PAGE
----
This episode reviews common household toxic plants like lilies, peace lilies, sago palm, azaleas, rhododendrons, tulips, hydrangeas, devil’s ivy, hostas, lantana, and daffodils – what makes them toxic, if you can treat them at home, and when you should consult your veterinarian.
For our veterinary professional listeners, we will review common decontamination and treatment methods for ingestion of toxic plants in our canine and feline patients.
Keeping itchy dogs and cats comfortable
Seasonal allergies are here! Most of us humans are feeling it in our respiratory systems, but pet owners may be surprised at some of the ways allergies manifest themselves in our companion animals. Pruritus (itchiness) isn’t just scratching – dogs also lick excessively, shake their heads often, rub their face on the ground, roll around more on their backs, and scoot their butts on the floor to relieve itchiness.
Cats are quiet about their pruritus. Pet owners may only see hair loss on their cat’s belly from overgrooming, excessive rubbing of their face on people and other objects, as well as debris and redness in their ears from secondary ear infections.
For veterinarians – we are lucky to have a multitude of topical and systemic products that can keep our dog and cat patients comfortable during the allergy months. We will review the work-up for dermatologic diseases in dogs and cats, when you should use systemic antibiotics, and how topicals and supplements may be a great addition to the treatment plan.
Fleas, ticks, and mites – Oh my!
These small, gross parasites can affect our pets all year, but they are more prevalent in the warmer months. It is important to understand the lifecycle of these parasites so we can properly treat and prevent any infestation or disease.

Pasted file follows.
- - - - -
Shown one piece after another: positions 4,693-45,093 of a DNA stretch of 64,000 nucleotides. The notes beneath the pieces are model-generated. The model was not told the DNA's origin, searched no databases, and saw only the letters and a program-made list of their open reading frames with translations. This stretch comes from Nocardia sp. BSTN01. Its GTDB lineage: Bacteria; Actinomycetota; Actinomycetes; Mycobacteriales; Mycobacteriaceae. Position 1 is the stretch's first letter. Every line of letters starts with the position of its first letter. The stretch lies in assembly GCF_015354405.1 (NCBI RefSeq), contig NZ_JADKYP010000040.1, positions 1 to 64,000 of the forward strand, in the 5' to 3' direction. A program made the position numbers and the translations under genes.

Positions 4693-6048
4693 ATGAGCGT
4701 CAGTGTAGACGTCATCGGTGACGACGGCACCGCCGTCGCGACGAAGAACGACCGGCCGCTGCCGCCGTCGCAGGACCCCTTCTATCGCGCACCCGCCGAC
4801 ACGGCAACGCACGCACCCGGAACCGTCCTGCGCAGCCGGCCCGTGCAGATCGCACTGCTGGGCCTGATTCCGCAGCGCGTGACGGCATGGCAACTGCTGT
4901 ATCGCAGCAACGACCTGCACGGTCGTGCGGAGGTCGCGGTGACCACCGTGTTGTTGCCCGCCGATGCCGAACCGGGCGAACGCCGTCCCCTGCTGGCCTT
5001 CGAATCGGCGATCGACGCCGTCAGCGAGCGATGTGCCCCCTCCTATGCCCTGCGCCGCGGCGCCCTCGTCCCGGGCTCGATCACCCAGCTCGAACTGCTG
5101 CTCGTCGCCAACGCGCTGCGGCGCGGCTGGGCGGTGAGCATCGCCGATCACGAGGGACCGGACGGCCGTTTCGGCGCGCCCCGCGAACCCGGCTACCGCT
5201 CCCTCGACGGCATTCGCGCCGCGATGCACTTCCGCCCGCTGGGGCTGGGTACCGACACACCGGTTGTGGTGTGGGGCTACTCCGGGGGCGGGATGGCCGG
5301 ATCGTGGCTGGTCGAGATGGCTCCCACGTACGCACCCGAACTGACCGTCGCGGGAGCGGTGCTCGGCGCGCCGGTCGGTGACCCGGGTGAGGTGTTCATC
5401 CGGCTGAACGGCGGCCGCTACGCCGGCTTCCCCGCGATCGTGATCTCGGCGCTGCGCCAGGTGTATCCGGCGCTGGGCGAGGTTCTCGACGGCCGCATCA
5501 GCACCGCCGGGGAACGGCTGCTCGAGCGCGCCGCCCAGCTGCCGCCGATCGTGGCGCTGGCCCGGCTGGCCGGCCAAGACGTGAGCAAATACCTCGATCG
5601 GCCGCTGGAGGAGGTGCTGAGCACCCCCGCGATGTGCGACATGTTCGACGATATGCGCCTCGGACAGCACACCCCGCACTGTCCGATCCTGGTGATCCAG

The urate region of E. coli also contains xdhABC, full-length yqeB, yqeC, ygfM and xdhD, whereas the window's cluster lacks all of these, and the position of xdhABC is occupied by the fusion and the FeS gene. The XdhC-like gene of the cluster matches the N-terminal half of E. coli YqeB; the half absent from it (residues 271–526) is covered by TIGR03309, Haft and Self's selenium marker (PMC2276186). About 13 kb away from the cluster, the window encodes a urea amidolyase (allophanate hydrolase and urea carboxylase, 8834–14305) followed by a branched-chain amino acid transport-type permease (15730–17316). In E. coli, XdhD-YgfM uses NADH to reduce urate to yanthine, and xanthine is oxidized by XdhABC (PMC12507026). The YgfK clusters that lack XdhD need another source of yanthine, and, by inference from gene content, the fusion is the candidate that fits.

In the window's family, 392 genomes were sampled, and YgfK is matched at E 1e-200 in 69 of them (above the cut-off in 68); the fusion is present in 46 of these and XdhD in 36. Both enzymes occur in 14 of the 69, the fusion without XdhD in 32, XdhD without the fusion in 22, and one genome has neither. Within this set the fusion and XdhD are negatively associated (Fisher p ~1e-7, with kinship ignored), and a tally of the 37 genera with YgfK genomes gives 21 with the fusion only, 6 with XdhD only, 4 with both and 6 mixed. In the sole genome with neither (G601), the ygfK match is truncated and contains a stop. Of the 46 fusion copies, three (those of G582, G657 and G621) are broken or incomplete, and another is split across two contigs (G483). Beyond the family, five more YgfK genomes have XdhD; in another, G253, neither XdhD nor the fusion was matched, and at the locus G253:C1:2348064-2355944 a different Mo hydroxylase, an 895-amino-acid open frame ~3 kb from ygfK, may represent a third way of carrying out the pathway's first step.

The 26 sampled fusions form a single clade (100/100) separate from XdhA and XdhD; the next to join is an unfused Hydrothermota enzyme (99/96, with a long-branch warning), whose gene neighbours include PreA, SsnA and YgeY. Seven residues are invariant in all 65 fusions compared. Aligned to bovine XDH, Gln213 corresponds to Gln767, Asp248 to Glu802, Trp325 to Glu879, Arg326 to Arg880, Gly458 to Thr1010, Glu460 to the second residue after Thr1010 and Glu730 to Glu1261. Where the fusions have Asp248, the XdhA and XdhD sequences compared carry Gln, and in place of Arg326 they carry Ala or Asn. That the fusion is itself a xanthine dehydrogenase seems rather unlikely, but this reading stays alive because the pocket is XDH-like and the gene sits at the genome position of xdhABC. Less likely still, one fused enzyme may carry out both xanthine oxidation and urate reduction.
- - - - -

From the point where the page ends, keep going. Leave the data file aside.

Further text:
This podcast reviews the lifecycle of the common fleas, ticks, and mites we see up and down the East coast and discusses the diseases they transmit. Many of the diseases that affect our companion animals may also affect humans.
Veterinarians know there are many products on the market for preventing and treating these parasites. We will review the commonly used products and how they work in our pet patients. Most importantly, we will discuss key talking points for veterinarians to use when educating their clients. Treating fleas in the house is more extensive than just treating the pets – we must also treat the environment!
Canine outside adventures – First aid on the go
Many of us take our dogs with us on outdoor adventures during the warmer months. As veterinarians, we recommend more preparation than just jumping in the car with your dog to go hiking, camping, or to the beach. Knowing a small amount of pet first aid and carrying some supplies that will help you before you can get to a veterinarian is invaluable.
For our veterinary listeners, discussing first aid with pet owners is important. We recommend veterinary practices focus their marketing and social media on providing first aid information and consider information and supplies for them to take home after their pet’s exam.
Lastly, we will discuss common injuries vets may be treating like dog bites, other lacerations, and lameness from musculoskeletal injuries.
We look forward to “chatting” with all of you this summer! We are excited to get back out there but we want to be as prepared as possible to decrease the possibility of illnesses and injuries in our companion animals. For more information on the IndeVets Happy Hour Podcast, please click here.
Have a great summer and stay safe!
Marisa Brunetti, VMD is Chief Medical Officer for IndeVets.